“Dear Guillaume, in my experience perceptions of “assertiveness” are extremely culturally relative and, thus, should be handled carefully. After working for years in East Asia, for example, my “proud and powerful” presentation stye was perceived by non-Asians as insecure, lacking in confidence and self esteem—which it was most certainly was not. I would add a caution that people not to jump to conclusions about someone’s self esteem due to perceptions of assertiveness. When we speak up, how, with what body language, are closely linked to respect values, harmony and truth values, collectivism and individualism values, as well as assertiveness. Thanks!”
Dear Dianne, as i was saying in my reply to your comment, I cannot agree more. Culture definitely has a huge impact on how people perceive assertive behaviors, body language and words used. So culture impacts HOW we can be assertive, but, in my opinion (and this might be the universalist frenchman and egalitarian blended culture person in me talking) not WHY we decide to be assertive or not.
If assertiveness is a consequence of the individual’s belief that his/her opinion, ideas, contribution is potentially as valuable as anyone else’s, assertiveness is personal thing. If we link this back to Geert Hofstede‘s 3 Levels of Mental Programming, culture will create expectations towards what is acceptable assertive behavior but personality is where assertive behavior happens , or not.
As Dianne so rightly says, there are different cultural values that can impact how we can be assertive across cultures and the level of tolerance that certain cultural groups might have towards assertive behavior.
Individualistic cultures tend to give a lot of value to assertiveness. I remember my father telling me when i was a teenager: “If you need/want something, say so, otherwise nobody will do it for you.” This does not mean that cultures with collectivistic values do not tolerate assertiveness but any expression of personal need that is not also linked to to the well-being of the group might be perceived as arrogant, especially if the the pronoun “I” is used too often.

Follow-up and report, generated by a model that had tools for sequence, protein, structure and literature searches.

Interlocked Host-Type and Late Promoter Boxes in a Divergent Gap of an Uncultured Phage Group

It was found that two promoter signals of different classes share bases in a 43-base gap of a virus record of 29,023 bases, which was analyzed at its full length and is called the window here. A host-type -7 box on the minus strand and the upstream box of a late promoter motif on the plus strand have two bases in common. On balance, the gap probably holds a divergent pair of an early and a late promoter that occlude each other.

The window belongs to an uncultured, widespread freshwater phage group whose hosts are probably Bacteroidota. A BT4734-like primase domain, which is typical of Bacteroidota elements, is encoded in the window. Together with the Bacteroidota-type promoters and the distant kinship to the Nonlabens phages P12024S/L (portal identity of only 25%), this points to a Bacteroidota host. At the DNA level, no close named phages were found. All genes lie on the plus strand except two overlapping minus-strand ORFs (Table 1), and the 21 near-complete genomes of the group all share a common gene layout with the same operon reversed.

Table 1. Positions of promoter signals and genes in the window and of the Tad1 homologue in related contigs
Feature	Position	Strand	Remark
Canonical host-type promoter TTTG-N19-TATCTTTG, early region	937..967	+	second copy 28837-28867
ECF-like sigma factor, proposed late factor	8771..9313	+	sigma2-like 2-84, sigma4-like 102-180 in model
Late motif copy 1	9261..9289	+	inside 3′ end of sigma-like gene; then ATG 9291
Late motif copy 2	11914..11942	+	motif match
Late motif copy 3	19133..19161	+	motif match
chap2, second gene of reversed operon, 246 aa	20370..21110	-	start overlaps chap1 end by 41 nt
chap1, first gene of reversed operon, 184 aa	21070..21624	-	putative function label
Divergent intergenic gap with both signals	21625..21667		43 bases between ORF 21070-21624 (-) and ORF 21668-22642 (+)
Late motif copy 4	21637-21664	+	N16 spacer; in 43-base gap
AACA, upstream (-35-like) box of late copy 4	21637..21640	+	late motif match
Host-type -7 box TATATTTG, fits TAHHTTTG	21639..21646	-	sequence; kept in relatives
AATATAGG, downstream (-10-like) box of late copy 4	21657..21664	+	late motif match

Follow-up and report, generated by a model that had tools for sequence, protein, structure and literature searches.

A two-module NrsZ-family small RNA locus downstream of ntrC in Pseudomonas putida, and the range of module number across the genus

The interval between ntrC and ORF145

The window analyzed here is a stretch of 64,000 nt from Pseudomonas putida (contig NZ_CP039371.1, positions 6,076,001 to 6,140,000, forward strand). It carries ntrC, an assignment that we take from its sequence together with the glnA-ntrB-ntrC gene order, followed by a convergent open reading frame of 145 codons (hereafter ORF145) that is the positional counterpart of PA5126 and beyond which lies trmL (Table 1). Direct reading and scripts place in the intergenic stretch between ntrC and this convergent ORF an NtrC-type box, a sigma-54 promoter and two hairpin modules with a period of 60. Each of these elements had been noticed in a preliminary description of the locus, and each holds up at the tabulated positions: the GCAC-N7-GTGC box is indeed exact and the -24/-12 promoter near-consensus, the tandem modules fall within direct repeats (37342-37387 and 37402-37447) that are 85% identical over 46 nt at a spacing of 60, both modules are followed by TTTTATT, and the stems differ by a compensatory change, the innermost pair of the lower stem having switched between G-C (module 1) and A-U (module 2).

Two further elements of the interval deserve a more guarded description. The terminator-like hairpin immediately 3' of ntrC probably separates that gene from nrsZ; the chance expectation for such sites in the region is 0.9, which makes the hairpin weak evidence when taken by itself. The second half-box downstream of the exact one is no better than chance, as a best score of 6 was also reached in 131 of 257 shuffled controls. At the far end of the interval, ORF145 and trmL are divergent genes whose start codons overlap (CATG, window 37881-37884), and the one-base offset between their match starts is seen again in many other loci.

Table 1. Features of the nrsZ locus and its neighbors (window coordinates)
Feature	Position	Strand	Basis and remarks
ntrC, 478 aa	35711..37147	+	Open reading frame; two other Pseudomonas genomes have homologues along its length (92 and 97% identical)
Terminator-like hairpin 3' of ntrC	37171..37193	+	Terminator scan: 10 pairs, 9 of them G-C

Body language and communication style also playa big role in the perception of assertiveness across cultures, especially in high power distance ones. When I first started working in India I could feel that my habit of giving eye contact equally to anyone when greeting and speaking with them was often perceived as threatening and disrespectful by some of my more traditional bosses. What I have learned to do is to make my point in a less direct way and also by playing down eye contact and my hand gestures. The cultural expectations of the environment I was in had an impact of my style, not on the substance of my message.
Finally, I have to agree with Dianne, again, that what we perceive in others might not be a good gauge of how assertive people are or not as we might be reading things wrong and there might be a lot more happening that we do not see straight away when dealing with people that might seem passive to us.
As a guideline, I keep Dianne’s wisdom close to my mind all the time: suspend judgment, assume positive intention, interpret behavior with what you know of the cultural values of others and then decide how you want to deal with the situation.
Thank you Dianne for being such a incredible guru. What I have learned from you is key to my success.